By Sandra Basu
WASHINGTON—A pilot program integrating complementary and integrative health approaches in pain management and mental health services at 15 VA facilities has the potential to help facilitate the understanding of nonpharmacological approaches to treating pain.
Benjamin Kligler, MD, MPH, national director of the VHA Coordinating Center for Integrative Health, described the program at a forum last month.
Calling it an “exciting development on the legislative side,” Kligler explained that the pilot program was one of the provisions in the Comprehensive Addiction and Recovery Act of 2016, which was signed into law in July to help address the opioid epidemic in the United States.
“This will be a three-year pilot program and geographically diverse around the country,” he said. “Hopefully, with a very good measurement system in place to figure out what works and what is effective and cost-effective in bringing this whole-person approach to veterans with pain.”
The pilot program fits well with VA’s whole-health approach that the agency is pursuing at 18 pilot sites that will also focus on pain treatment, mental health treatment and reducing opioid use, he said.
“This congressional mandate to really push forward this more-progressive, whole-person, whole-health, nonpharmacological approach to pain puts us in a strong position to test out some models,” Kligler emphasized.
The goal is to build a learning community that brings together participating VA facilities in the pilot program mandated by law as well as DoD colleagues and facilities “to share the knowledge of what is working and the right measurement strategies,” he said.
The presentation where Kligler made his comments was coordinated by the Uniformed Services University of the Health Sciences through the Defense and Veterans Center for Integrative Pain Management (DVCIPM) at the 2016 AMSUS conference.
Kligler explained that one important way VA has responded to the opioid epidemic in the United States has been through its Opioid Safety Initiative. He said that opioid prescribing has been reduced in the VA in recent years by about 33%.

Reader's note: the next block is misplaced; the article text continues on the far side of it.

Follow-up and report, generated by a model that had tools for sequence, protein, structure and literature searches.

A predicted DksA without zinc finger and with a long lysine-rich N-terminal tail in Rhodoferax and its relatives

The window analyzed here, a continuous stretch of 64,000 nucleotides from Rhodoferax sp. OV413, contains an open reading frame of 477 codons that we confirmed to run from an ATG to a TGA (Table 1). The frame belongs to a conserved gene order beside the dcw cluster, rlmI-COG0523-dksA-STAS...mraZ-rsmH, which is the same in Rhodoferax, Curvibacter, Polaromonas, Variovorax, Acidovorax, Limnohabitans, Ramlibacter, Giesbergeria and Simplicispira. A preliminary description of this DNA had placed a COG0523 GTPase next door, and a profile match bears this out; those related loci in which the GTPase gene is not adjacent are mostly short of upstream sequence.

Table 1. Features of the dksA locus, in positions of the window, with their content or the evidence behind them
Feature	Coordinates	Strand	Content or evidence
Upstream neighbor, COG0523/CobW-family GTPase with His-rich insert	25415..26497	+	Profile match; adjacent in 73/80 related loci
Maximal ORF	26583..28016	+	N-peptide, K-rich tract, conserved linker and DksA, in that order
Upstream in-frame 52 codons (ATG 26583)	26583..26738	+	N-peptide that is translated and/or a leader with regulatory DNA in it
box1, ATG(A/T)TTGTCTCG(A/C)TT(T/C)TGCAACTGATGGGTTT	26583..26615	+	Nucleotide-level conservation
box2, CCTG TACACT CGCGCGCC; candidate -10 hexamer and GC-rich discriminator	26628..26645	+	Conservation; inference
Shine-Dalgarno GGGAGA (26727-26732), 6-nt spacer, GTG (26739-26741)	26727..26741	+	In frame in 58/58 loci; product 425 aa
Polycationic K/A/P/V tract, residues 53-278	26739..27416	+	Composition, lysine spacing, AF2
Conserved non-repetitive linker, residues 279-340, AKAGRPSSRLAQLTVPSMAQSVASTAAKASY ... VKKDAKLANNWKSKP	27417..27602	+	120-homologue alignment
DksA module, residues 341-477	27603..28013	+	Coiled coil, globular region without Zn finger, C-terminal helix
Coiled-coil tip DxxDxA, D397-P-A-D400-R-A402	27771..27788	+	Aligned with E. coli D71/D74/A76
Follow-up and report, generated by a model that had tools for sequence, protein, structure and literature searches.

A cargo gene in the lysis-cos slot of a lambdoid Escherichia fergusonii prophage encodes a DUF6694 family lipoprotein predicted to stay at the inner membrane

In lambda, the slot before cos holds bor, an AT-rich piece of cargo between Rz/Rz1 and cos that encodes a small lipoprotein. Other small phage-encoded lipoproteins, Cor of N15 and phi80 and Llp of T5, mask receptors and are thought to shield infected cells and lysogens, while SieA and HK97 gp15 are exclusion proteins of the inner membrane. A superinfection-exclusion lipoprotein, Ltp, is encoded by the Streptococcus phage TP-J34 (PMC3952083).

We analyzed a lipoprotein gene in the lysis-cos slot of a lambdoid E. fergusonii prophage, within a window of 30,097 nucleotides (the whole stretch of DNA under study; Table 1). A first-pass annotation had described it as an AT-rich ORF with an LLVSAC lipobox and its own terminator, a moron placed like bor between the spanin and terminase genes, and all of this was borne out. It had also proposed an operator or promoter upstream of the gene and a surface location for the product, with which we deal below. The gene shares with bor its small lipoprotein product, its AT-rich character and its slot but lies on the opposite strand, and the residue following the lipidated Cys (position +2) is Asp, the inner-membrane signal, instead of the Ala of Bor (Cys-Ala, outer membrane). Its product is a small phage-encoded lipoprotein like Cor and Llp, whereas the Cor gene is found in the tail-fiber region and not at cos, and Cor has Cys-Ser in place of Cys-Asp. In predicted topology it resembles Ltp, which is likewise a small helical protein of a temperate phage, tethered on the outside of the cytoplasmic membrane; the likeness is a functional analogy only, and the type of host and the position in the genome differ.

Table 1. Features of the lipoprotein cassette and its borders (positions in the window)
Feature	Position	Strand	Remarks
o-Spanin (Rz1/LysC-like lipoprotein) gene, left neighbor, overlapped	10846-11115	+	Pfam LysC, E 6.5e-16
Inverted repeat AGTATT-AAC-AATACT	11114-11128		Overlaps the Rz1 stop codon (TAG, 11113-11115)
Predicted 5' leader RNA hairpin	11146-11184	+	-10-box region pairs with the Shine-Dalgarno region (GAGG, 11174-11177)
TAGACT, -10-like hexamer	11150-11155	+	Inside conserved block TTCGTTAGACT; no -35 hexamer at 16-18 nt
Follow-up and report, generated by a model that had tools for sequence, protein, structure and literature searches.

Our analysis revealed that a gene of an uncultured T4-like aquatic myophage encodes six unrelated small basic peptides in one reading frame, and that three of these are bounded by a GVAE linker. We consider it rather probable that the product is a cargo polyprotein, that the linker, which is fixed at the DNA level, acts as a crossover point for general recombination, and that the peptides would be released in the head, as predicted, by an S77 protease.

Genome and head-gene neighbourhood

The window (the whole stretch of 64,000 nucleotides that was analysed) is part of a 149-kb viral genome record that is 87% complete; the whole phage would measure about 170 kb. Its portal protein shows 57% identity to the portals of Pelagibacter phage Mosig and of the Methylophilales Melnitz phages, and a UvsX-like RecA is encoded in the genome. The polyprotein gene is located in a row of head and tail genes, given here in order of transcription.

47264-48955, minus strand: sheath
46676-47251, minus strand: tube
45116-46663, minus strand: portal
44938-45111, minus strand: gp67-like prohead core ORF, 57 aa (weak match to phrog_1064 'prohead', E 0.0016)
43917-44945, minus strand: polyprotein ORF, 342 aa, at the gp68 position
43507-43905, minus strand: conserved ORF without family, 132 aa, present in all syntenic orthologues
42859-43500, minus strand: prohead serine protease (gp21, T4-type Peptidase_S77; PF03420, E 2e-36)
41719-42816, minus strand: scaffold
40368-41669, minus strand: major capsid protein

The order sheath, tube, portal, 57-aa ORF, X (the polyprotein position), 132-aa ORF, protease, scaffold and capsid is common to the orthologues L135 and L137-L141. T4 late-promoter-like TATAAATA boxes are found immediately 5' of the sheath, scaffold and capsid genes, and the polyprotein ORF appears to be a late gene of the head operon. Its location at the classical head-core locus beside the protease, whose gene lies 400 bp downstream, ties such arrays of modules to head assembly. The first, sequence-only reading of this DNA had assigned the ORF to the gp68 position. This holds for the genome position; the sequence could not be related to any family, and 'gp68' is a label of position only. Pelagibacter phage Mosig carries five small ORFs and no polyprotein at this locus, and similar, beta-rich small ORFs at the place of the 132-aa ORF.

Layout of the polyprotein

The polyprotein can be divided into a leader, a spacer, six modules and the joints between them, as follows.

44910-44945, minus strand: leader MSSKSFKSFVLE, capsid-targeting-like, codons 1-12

“We have to offer more proactive, full spectrum of approaches to pain early on in the course of treatment and really equip people to ultimately not need the opioids or only need them very short term if they do,” he said.
VA’s efforts to provide effective pain management is being conducted with the DoD through DVCIPM and other partners.
“We have to do this in collaboration with DoD and other federal agencies. The problem is too big,” Kligler noted. “We have to find a way to address the soldiers’ and veterans’ needs together, way up front in terms of preparing people to deal with pain and preventing the development of opioid use disorders.”
Instrumental in those efforts is DVCIPM, which has been at the forefront of addressing pain management issues through research and coordination of education and resources for providers and patients.
“We have been working very closely together. … We really have been working hand in glove, the VA and DoD,” explained retired Lt. Gen. Eric Schoomaker, MD, PhD, the former Army Surgeon General who serves as the USU director of Special Programs.
Schoomaker, who was instrumental in chartering the Pain Management Task Force in 2009, said that pain is the most-common reason that patients seek care. He said that what is needed is a change in focus “to a patient-centered team based, multidisciplinary approach that uses evidence-based practices to include complementary practices that can be integrated with conventional practices.”
Schoomaker added that the “evidence behind the use of many of these complementary practices exceeds the evidence behind a large number of conventional practices.”
“There is a lot of stuff out there that we need to be suspicious of, just as we need to be suspicious of conventional therapies that are not evidence-based,” he explained. “But, the emerging science and the trials that are designed to test these have been very successful and not to be frightened of. The problem is, how do we harness the very best of them and place them in the mainstream?”
Schoomaker said that he foresees the complementary practices in the early part of the 21st century are “the harbinger of high-tech practices that will be complementary in the next 10 years.”
“We will see things emerge that will be the next generation of complementary that we just can’t envision today, and many of these will be mainstream medicine for all of us,” he pointed out.
At the same time, Schoomaker said during the forum that they do not want to “demonize” the use of opioids.
“If we are not careful, we are going to swing the pendulum back again where we so demonize opioids that we are not going to use them for the indications. Believe me, if I am on the battlefield and I get shot, I want an opioid,” he said.
A facility-specific survey found that 138 of 140 VA facilities reported shortages of medical officers, with psychiatry and primary care positions being the most frequently listed.
When Terrence O’Neil, MD, retired as chief of nephrology at the James H. Quillen VAMC in Johnson City in December 2016, he left in his wake decades of work treating kidney disease—nearly 35 years in the Air Force and DoD, plus 11 more at VA.